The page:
Neural correlates of laughter and humour.
Wild B, Rodden FA, Grodd W, Ruch W
Brain (2003)
Category: neurobiology ¤ Added: Dec 12, 2006 ¤ Rating: ◊◊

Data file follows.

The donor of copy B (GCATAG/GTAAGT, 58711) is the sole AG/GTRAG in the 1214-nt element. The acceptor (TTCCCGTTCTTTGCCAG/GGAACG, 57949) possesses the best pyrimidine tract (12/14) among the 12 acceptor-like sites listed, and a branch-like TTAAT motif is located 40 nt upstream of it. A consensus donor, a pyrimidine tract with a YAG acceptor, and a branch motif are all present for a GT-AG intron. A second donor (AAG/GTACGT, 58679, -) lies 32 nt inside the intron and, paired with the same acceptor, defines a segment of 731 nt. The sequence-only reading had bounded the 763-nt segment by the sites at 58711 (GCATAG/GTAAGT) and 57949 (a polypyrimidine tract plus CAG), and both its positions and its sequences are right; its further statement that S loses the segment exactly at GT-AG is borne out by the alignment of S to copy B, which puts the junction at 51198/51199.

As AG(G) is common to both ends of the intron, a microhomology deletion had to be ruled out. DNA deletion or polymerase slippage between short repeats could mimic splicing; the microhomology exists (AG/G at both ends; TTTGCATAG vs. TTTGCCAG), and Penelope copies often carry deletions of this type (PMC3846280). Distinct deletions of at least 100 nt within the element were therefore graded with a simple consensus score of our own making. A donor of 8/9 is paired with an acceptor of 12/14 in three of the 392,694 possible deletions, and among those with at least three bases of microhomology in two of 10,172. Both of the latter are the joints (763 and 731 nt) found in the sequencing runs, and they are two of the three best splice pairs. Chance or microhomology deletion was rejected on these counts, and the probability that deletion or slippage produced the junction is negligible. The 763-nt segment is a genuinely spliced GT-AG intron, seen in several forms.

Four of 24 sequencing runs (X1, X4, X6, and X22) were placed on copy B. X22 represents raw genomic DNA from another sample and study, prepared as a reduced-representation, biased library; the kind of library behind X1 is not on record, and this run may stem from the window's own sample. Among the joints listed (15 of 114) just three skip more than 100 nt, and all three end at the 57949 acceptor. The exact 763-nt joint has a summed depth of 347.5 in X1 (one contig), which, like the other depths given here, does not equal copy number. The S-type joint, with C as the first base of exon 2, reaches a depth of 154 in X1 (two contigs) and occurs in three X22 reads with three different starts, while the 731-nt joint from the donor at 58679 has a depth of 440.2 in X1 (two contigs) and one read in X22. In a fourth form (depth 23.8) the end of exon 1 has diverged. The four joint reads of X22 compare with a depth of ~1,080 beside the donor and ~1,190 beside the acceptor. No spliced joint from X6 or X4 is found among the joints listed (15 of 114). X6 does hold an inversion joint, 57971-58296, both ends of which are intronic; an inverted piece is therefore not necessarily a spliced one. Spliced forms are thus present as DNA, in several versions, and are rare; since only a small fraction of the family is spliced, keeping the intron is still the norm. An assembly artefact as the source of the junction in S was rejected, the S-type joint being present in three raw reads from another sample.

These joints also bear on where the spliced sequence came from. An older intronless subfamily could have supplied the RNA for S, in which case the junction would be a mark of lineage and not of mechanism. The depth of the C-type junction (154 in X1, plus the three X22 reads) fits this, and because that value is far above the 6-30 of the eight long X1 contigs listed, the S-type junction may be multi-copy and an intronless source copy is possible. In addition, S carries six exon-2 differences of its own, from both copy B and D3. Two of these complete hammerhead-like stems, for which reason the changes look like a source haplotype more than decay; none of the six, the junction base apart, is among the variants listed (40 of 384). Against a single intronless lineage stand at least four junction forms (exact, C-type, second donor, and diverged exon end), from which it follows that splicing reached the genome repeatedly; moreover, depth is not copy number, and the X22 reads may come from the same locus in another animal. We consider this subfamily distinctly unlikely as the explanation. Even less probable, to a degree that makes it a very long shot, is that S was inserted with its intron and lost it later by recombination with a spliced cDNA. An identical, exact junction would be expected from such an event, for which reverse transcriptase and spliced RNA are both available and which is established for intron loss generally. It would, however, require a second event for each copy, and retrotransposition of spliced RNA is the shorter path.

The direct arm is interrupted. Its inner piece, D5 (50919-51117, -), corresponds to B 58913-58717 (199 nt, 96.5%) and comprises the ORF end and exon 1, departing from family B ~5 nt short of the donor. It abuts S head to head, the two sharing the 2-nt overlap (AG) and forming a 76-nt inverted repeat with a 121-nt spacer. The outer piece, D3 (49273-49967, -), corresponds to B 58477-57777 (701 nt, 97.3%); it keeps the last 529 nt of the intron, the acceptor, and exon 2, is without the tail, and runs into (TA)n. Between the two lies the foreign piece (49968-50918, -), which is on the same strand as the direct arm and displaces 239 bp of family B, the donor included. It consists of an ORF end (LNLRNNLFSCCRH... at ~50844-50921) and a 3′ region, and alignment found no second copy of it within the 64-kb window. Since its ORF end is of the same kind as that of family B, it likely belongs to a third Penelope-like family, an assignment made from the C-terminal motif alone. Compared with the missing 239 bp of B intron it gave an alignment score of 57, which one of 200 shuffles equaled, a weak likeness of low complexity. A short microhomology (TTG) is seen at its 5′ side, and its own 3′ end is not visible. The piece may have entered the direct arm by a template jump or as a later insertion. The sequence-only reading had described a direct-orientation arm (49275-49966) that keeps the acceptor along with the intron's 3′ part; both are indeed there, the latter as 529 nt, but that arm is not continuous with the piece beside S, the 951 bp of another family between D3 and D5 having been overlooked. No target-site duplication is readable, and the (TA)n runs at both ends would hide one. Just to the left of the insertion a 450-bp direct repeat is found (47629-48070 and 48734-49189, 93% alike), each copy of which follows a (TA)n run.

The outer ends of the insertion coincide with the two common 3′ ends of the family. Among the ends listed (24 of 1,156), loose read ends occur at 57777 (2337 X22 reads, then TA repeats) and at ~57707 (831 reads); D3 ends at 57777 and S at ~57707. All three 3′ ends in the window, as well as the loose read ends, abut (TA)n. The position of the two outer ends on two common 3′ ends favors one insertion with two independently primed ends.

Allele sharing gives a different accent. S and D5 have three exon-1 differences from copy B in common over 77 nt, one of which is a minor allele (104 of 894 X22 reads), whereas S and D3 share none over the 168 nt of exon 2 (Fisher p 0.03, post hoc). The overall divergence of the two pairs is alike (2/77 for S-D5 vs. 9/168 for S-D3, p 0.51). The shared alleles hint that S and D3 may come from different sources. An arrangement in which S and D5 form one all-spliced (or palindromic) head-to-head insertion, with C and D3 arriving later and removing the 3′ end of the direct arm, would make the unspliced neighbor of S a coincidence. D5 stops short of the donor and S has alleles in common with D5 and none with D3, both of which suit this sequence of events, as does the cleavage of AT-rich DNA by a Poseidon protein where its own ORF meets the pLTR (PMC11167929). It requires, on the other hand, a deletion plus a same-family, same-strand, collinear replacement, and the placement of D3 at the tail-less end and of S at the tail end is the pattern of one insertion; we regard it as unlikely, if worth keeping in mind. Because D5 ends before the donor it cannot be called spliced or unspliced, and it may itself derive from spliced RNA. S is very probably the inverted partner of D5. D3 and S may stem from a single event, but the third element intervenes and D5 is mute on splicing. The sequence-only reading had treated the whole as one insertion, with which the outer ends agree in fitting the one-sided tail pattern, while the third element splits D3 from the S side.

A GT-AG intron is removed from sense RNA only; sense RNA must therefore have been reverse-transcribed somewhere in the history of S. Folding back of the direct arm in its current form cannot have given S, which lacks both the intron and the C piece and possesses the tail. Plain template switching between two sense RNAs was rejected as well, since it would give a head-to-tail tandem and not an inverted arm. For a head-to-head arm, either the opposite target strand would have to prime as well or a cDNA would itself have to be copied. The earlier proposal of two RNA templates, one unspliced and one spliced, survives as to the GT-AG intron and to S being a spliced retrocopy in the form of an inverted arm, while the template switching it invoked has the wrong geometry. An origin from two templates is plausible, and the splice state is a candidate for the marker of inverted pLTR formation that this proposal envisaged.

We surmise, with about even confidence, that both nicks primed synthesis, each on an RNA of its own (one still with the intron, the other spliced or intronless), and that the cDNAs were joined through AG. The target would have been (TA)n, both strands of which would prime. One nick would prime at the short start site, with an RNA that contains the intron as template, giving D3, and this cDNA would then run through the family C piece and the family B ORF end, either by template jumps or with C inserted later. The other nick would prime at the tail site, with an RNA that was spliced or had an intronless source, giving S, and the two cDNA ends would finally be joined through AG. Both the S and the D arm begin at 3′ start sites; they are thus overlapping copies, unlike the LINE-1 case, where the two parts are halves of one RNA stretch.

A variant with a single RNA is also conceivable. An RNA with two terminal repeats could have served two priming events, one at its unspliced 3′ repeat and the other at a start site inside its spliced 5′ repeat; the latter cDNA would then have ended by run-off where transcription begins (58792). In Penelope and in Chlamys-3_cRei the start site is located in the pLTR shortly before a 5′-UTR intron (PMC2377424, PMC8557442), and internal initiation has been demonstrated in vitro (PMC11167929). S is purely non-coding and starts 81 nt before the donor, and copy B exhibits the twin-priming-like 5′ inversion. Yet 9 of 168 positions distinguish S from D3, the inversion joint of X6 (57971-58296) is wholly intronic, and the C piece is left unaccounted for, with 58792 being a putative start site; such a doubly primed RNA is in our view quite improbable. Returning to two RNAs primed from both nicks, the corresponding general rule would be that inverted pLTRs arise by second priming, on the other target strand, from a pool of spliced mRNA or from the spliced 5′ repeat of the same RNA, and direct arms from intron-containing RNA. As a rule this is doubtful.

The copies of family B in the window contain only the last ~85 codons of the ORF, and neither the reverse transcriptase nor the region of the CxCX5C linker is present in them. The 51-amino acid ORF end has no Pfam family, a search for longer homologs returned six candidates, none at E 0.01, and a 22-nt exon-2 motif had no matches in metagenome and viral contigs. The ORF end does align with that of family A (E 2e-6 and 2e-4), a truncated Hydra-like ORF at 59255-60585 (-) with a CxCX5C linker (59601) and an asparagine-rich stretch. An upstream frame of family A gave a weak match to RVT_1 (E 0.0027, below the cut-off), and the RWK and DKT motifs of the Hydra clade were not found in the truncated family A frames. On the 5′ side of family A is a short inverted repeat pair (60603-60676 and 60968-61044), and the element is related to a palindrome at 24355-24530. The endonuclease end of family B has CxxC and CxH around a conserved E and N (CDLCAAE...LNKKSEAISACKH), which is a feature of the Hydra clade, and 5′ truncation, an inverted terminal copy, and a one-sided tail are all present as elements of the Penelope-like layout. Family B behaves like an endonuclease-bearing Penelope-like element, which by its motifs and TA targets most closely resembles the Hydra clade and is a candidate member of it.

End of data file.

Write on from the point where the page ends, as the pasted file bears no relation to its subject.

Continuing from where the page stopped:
Although laughter and humour have been constituents of humanity for thousands if not millions of years, their systematic study has begun only recently. Investigations into their neurological correlates remain fragmentary and the following review is a first attempt to collate and evaluate these studies, most of which have been published over the last two decades. By employing the classical methods of neurology, brain regions associated with symptomatic (pathological) laughter have been determined and catalogued under other diagnostic signs and symptoms of such conditions as epilepsy, strokes and circumspect brain lesions. These observations have been complemented by newer studies using modern non-invasive imaging methods. To summarize the results of many studies, the expression of laughter seems to depend on two partially independent neuronal pathways. The first of these, an 'involuntary' or 'emotionally driven' system, involves the amygdala, thalamic/hypo- and subthalamic areas and the dorsal/tegmental brainstem. The second, 'voluntary' system originates in the premotor/frontal opercular areas and leads through the motor cortex and pyramidal tract to the ventral brainstem. These systems and the laughter response appear to be coordinated by a laughter-coordinating centre in the dorsal upper pons. Analyses of the cerebral correlates of humour have been impeded by a lack of consensus among psychologists on exactly what humour is, and of what essential components it consists. Within the past two decades, however, sufficient agreement has been reached that theory-based hypotheses could be formulated and tested with various non-invasive methods. For the perception of humour (and depending on the type of humour involved, its mode of transmission, etc.) the right frontal cortex, the medial ventral prefrontal cortex, the right and left posterior (middle and inferior) temporal regions and possibly the cerebellum seem to be involved to varying degrees. An attempt has been made to be as thorough as possible in documenting the foundations upon which these burgeoning areas of research have been based up to the present time.